The score is overbearing and annoying to the point where the audience is taken out of the experience. When someone is starting a speech, one can bet that the melodramatic score will start in about five seconds. Why does Clooney, the director, feel the need to give some sort of signal on how the audience should feel? Since he helped to helm the screenplay, it gives the impression that he is not confident with his own material. It is an elementary miscalculation—one that is expected from a filmmaker who is directing his or her first feature. Clooney ought to have known better.
The picture is confusing at times. The Monuments Men are paired up eventually and sent to various parts of Europe to collect stolen art. However, after spending about three to four scenes apart, they are quickly back together. The picture gives an impression that traveling from one place to another, especially in times of war, is incredibly easy. We all know that this is not the case. Thus, the whole charade comes off silly and we are never convinced that any of the men are ever in any real danger—even though not all of them live by the end of the movie.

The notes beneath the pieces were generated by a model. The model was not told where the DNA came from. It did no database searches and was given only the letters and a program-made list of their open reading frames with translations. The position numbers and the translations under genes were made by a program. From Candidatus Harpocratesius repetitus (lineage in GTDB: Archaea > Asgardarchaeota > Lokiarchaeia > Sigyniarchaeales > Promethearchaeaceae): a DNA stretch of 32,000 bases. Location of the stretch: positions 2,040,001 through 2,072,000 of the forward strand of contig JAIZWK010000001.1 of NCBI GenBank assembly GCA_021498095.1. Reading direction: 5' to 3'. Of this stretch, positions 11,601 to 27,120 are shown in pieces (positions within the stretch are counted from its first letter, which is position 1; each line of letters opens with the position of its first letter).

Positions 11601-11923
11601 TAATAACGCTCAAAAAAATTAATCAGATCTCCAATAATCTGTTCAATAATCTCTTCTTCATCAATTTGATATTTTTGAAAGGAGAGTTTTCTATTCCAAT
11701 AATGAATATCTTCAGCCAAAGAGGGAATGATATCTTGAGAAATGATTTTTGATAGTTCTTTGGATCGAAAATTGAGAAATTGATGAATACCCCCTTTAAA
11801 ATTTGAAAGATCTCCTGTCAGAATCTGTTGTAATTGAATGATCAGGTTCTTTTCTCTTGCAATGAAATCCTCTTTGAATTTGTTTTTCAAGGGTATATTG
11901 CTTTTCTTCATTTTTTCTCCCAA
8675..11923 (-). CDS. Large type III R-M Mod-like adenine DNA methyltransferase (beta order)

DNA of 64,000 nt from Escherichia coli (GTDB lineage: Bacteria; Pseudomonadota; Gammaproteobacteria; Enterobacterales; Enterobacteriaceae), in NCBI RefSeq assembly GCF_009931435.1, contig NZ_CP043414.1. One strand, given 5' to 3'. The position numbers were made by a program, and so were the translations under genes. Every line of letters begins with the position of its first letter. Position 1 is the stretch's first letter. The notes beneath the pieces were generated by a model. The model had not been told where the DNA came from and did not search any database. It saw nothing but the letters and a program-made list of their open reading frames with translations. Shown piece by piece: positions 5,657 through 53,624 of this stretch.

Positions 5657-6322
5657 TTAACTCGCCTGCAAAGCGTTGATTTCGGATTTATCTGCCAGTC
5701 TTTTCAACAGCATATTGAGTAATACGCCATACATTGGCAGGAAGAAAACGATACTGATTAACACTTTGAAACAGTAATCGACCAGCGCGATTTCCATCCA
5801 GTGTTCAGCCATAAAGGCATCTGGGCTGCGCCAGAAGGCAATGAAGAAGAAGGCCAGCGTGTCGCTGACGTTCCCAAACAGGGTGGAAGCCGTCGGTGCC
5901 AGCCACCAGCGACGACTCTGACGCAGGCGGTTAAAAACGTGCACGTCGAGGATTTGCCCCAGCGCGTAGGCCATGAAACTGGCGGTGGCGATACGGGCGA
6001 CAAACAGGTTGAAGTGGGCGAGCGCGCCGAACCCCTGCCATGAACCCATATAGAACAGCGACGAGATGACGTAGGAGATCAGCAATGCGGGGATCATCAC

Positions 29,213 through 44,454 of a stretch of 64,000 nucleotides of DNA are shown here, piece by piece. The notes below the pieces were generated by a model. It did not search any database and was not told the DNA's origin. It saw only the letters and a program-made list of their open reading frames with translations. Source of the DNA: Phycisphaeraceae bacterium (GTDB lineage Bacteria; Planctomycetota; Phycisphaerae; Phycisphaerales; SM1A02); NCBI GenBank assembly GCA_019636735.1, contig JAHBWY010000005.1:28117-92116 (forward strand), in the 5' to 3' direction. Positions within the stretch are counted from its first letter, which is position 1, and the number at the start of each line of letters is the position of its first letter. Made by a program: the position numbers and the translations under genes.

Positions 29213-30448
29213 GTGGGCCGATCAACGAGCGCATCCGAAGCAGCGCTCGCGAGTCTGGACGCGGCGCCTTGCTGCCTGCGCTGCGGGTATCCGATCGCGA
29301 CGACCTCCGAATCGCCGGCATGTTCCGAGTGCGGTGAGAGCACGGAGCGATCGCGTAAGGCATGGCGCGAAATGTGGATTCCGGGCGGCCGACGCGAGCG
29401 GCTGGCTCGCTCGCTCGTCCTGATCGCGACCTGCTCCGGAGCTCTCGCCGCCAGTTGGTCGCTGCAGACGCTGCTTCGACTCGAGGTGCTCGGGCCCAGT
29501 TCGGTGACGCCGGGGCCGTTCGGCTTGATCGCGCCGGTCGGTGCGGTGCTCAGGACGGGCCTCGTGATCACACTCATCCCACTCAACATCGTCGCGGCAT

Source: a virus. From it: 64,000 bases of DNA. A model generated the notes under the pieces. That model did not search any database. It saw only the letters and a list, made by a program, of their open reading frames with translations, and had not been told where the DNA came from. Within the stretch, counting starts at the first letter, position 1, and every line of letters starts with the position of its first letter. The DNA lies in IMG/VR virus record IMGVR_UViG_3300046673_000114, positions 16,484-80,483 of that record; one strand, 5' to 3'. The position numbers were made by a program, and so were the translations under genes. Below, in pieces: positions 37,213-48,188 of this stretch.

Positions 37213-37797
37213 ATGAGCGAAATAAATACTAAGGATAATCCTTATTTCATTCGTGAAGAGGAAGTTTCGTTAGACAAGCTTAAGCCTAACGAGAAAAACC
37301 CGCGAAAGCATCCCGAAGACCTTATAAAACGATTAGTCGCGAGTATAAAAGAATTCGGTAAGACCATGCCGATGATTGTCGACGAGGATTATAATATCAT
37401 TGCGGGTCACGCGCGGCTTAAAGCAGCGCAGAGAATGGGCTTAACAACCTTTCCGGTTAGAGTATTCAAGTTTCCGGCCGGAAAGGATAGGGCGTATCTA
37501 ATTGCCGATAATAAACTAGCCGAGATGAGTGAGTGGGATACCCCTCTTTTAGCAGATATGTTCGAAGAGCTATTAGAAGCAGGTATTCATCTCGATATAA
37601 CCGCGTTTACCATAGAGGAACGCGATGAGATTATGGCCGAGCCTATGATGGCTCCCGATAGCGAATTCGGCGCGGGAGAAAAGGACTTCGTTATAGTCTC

What “The Monuments Men” is missing is complexity. Its subjects put their lives on the line and yet we never learn anything particularly compelling about them. More importantly, it lacks courage—the courage to dig deeper than ill-executed jokes and really hone in on the meaning of preserving culture. I worked in a gallery. I like art. But if someone who may not necessarily feel strongly about art watches this movie, he or she will likely not be convinced why, to some, art should hold equal importance as human lives.
Eyes of My Mother, The (2016)
★★★★ / ★★★★